CORNER BROOK Rita and Mac O’Neil were dedicated volunteers with the Canadian Cancer Society for about 15 years before the insidious disease finally invaded their lives four years ago.
© Gary Kean
Rita and Mac O’Neil of Corner Brook continue to volunteer for the Canadian Cancer Society, despite Rita’s ongoing battle against the disease.
Now that they seem to have the upper hand in the battle for Rita’s life, they are still finding time to give back to the cause.
It was February 2009 when Rita began experiencing severe pain on the left side of her body. After three visits to the doctor, the fourth visit finally yielded the diagnosis.
Rita had a grapefruit-sized tumour on her colon.
That was on a Tuesday. On Wednesday of that week, the lengthy effort to make her better was on.
It would be far from easy. Rita spent the next 19 days on life support in intensive care.
Her son Pat, now 30 years old, came home from Ottawa to visit her, but Rita has no recollection of that. When he boarded a plane to go back to Ottawa, Pat told his dad that he didn’t think he would ever hear her voice or see his mom alive again.
The next time Pat heard his mom’s voice was an emotional moment. It was a phone call on his birthday just as she had finished her treatment.
In 2010, she was just finishing therapy and was still not strong, but made it to Ottawa to attend Pat’s wedding.
Rita still has to get tests and blood work done every three months, but is able to get around on her own and give back to the community once again.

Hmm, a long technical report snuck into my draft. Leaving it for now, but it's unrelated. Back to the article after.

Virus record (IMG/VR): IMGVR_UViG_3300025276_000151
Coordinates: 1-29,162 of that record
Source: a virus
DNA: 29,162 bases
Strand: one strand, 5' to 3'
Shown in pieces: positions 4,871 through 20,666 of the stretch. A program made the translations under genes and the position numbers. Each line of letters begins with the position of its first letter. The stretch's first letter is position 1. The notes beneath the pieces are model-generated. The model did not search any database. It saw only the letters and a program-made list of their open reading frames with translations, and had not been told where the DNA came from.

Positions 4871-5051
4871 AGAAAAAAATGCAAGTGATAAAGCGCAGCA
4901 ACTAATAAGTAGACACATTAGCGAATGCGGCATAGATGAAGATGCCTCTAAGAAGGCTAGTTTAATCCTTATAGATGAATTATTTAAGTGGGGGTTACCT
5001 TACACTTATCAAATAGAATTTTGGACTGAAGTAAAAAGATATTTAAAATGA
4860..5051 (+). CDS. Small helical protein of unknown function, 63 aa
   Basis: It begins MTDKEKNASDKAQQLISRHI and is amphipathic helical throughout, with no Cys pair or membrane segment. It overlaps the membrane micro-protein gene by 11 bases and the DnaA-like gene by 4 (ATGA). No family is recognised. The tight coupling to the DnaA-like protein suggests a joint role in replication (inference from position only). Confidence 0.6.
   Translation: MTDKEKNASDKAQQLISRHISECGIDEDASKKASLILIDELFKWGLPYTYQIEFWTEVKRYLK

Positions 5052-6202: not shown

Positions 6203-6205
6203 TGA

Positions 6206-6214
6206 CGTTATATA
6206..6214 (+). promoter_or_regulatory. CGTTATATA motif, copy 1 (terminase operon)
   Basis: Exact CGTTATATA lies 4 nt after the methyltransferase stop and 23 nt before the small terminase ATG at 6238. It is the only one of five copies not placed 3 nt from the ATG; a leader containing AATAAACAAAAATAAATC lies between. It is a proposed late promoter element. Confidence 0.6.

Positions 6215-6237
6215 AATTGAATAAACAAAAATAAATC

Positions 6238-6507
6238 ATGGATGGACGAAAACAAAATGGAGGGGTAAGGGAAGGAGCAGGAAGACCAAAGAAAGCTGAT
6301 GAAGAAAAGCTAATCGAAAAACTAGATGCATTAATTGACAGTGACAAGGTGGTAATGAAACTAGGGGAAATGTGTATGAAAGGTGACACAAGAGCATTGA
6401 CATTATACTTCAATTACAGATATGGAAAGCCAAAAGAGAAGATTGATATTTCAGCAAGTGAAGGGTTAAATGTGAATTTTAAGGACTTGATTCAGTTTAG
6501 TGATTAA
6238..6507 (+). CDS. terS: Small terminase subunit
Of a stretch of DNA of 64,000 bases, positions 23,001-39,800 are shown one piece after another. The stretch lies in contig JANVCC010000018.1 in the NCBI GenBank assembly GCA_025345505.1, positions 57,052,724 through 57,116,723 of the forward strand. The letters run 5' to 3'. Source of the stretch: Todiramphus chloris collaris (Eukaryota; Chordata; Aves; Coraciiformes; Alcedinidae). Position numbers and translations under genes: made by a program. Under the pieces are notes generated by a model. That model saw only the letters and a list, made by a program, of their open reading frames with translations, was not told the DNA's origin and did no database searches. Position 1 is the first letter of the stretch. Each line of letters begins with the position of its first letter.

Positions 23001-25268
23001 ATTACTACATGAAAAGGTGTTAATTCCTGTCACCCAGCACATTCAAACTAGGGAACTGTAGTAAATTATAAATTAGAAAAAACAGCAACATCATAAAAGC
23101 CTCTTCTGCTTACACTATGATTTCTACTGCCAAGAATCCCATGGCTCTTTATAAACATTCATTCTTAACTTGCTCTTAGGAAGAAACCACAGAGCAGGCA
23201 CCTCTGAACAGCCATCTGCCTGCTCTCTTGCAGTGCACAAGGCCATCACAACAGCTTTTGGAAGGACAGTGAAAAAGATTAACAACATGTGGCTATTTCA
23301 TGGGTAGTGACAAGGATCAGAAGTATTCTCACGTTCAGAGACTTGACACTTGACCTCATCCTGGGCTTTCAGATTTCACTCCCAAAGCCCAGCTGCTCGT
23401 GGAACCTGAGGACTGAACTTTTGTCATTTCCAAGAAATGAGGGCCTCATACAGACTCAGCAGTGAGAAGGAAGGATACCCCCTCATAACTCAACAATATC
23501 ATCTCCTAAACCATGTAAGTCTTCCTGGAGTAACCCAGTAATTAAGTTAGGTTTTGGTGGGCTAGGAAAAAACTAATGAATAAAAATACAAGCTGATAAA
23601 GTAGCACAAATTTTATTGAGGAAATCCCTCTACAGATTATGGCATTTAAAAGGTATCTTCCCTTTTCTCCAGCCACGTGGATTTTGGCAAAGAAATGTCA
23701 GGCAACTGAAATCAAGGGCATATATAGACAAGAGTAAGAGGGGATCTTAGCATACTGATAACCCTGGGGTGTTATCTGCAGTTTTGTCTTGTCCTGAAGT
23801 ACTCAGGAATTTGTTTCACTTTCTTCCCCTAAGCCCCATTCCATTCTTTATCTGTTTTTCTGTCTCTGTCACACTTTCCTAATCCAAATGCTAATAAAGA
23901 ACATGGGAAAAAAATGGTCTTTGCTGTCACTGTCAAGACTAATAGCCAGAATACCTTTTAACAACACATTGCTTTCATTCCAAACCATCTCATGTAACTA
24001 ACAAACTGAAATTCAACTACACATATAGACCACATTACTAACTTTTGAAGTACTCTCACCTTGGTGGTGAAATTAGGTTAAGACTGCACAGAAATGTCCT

She attributes her recovery to the unbelievable support of family — particularly her husband — and friends, the staff on the cancer unit at Western Memorial Regional Hospital and the help from the Canadian Cancer Society.
“They were right there,” Rita said of the Canadian Cancer Society, which is celebrating its 75th anniversary this year.
“Anything I needed, they were right there to give it to me. Any information Mac needed, they were right there to give it to him.”
Prior to her illness, the O’Neils helped out by selling, sorting and delivering daffodils during the cancer society’s annual spring fundraising campaign. Mac continued to somehow find time to help deliver the flowers during Rita’s illness.
On Monday, they both took part in a flag-raising and proclamation signing before attending a cake-cutting ceremony to kick off Cancer Awareness Month.
“As I started to get better, we started coming to help out a little bit more and do what we could,” said Rita. “I basically have no immune system, so I can’t be around a lot of people, but I will help out anyone who wants advice if they have been diagnosed.”
Mac said their volunteering with the Canadian Cancer Society first started because of a few friends of theirs who had died from the disease. Now, giving their time and energy has a renewed sense of importance.
“It’s very important to have a good support system around you when you’re fighting cancer,” he said.
The highlight of Cancer Awareness Month, besides the selling of daffodils at various locations, will be National Daffodil Day on April 27.